Haakon of Norway Haakonsson, IV

Haakon of Norway Haakonsson, IV

Birth
Norway
Death 16 Dec 1263 (aged 58–59)
Kirkwall, Orkney Islands, Scotland
Burial Non-Cemetery Burial, Specifically: Old Bergen Cathedral. It was demolished in 1531 and the site is marked by a memorial.
Memorial ID 80827144 · View Source
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Norwegian Monarch. He reigned as King of Norway from 1217 to 1263. Under his rule, medieval Norway reached its peak. He was the illegitimate son of King Haakon III Sverresson from one of his concubines whom he had met while visiting in Vartieg, Norway. Upon the death of Haakon III, the civil war between the primary political parties in Norway, the Bagler and the Birkebeiner, which Haakon III had managed to get under control during the course of his reign, erupted once again. Haakon III had belonged to the Birkebeiner party and not long after he died, the Bagler party attempted to seize control of Norway by eliminating the apparent male heir to the throne. Because he was born in a location (Varteig) that was controlled by the Baglers, a group of Birkebeiner warriors interceded and fled with the child, heading for King Inge II of Norway (Haakon III's successor), who was the ruling Birkebeiner king in Nidaros (now Trondheim). While traveling, they came into a blizzard and only the two mightiest warriors continued on skis, carrying the child in their arms. They were able to bring the future heir to safety and he was placed under the protection of King Inge II. Upon King Inge's death in 1217, Haakon IV was chosen as king against the candidacy of Inge's half-brother, Earl Skule Bardsson, who still retained the real royal power. In connection with the dispute over the royal election, Haakon's mother had to prove his parentage through a trial by ordeal in Bergen in 1218, which she successfully passed. In 1223, a meeting was held in Bergen of all the bishops, earls, and other prominent men in Norway to finally decide the issue of Haakon IV's right to the Norwegian throne. Of all the candidates submitted who had family links to either Haakon III or Inge II, Haakon IV was finally confirmed as the King of Norway. This victory meant the Church now sided with him, despite his illegitimate birth. However, the Pope's dispensation for his coronation was not gained until 1247. The ongoing struggle between the Bagler and Birkebeiner political factions continued under his reign until 1227, when an uprising by the last Bagler leader, Sigurd Ribbung, was crushed, leaving Haakon as the overall uncontested monarch. In the very early part of Haakon's reign, it was decided that Earl Skule Bardsson would have authority over one-third of the kingdom. However, as Haakon grew older and began to assert his power, his relationship with Skule became more and more strained. To help reconcile the two, in 1225 Haakon agreed to marry Skule's daughter, Margret Skulesdotter. In 1239, the conflict between the two finally erupted into open warfare when Skule proclaimed himself king in Nidaros. Haakon ended the rebellion in 1240 when Skule was captured and put to death. The end to this rebellion is generally accepted to mark the end of the internal civil wars and Norway entered into what is traditionally known as its golden age. During this time of prosperity, Haakon mounted a campaign against the Danish province of Halland (1256), gained submission of Greenland (1261) as well as Iceland (1262), making the kingdom of Norway the largest it had ever been. In 1263, a dispute with Scotland's King Alexander III over the Hebrides, a Norwegian possession, induced Haakon to undertake an expedition to the west of Scotland. Alexander had conquered the Hebrides the previous year and Haakon retook it with his formidable naval fleet and launched some forays into the Scottish mainland as well. Negotiations between the Norwegians and the Scots began, which were purposely prolonged by the Scots as Haakon's position would grow more difficult the longer he had to keep his fleet together so far away from home. An Irish delegation met with Haakon and offered to provide for his fleet through the winter if he would help them against the English. While he favored this proposition, his men opposed it and eventually he and his fleet retreated to the Orkney Islands for the winter. While residing at Bishop's Palace in Kirkwall, he became ill and died. He was temporarily interred at the St Magnus Cathedral in Kirkwall and the following spring, his body was exhumed and returned to Norway and interred at the Old Cathedral in Bergen. He was succeeded to the throne by his son, Magnus VI, also known as Magnus Lagabote (the lawmender). In 1932, an annual long distance cross-country ski marathon was started to commemorate the trip made by the Birkebeiner warriors to save the infant Haakon IV from potential harm. It is Norway's race in the Worldloppet Ski Federation, which begins at Rena and terminates at Lillehammer, a distance of 54 kilometers. Contestants are required to carry a backpack weighing at least 3.5 kilograms, which symbolizes the weight of the then-one-year-old king.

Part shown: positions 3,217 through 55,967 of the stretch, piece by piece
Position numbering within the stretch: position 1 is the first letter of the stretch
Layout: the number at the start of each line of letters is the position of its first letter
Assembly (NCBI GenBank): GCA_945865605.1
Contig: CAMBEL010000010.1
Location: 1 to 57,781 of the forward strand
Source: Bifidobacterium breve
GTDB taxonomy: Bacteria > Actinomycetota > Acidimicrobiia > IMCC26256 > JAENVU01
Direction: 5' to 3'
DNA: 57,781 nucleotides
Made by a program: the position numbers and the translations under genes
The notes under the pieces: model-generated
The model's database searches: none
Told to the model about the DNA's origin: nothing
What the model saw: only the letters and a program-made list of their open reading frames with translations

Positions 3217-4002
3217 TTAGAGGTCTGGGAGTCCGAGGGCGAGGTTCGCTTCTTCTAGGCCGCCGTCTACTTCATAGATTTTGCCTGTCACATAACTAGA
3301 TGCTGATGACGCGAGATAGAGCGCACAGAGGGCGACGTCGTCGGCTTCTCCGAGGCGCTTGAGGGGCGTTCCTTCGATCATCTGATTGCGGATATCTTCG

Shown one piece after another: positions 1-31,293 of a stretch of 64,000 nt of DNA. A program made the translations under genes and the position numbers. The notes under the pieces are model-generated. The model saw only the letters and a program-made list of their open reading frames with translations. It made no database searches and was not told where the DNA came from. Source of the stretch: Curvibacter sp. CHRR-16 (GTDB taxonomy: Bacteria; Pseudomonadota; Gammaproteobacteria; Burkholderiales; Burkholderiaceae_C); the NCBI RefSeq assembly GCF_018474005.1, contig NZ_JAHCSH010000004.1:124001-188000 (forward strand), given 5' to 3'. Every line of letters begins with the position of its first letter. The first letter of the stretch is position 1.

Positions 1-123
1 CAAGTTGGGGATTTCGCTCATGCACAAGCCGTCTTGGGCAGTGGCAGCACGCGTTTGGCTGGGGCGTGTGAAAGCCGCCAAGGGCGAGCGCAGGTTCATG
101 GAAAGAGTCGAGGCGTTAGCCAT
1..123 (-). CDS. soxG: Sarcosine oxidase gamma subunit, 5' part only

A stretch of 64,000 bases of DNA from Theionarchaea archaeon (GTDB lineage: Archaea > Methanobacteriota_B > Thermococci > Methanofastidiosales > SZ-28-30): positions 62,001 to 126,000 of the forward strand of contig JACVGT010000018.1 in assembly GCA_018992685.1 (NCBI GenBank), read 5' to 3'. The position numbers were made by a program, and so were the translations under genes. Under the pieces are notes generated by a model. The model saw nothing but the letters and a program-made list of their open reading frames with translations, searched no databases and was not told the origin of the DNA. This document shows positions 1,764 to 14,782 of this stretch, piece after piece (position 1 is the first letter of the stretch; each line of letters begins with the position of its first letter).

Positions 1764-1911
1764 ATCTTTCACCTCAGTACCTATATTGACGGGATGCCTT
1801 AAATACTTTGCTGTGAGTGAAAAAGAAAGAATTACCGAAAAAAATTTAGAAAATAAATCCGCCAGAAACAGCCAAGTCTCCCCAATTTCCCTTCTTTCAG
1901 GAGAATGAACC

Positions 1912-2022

Bio by: William Bjornstad


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  • Maintained by: Find A Grave
  • Originally Created by: William Bjornstad
  • Added: 22 Nov 2011
  • Find A Grave Memorial 80827144
  • Find A Grave, database and images (https://www.findagrave.com : accessed ), memorial page for Haakon of Norway Haakonsson, IV (1204–16 Dec 1263), Find A Grave Memorial no. 80827144, ; Maintained by Find A Grave Non-Cemetery Burial, who reports a Old Bergen Cathedral. It was demolished in 1531 and the site is marked by a memorial..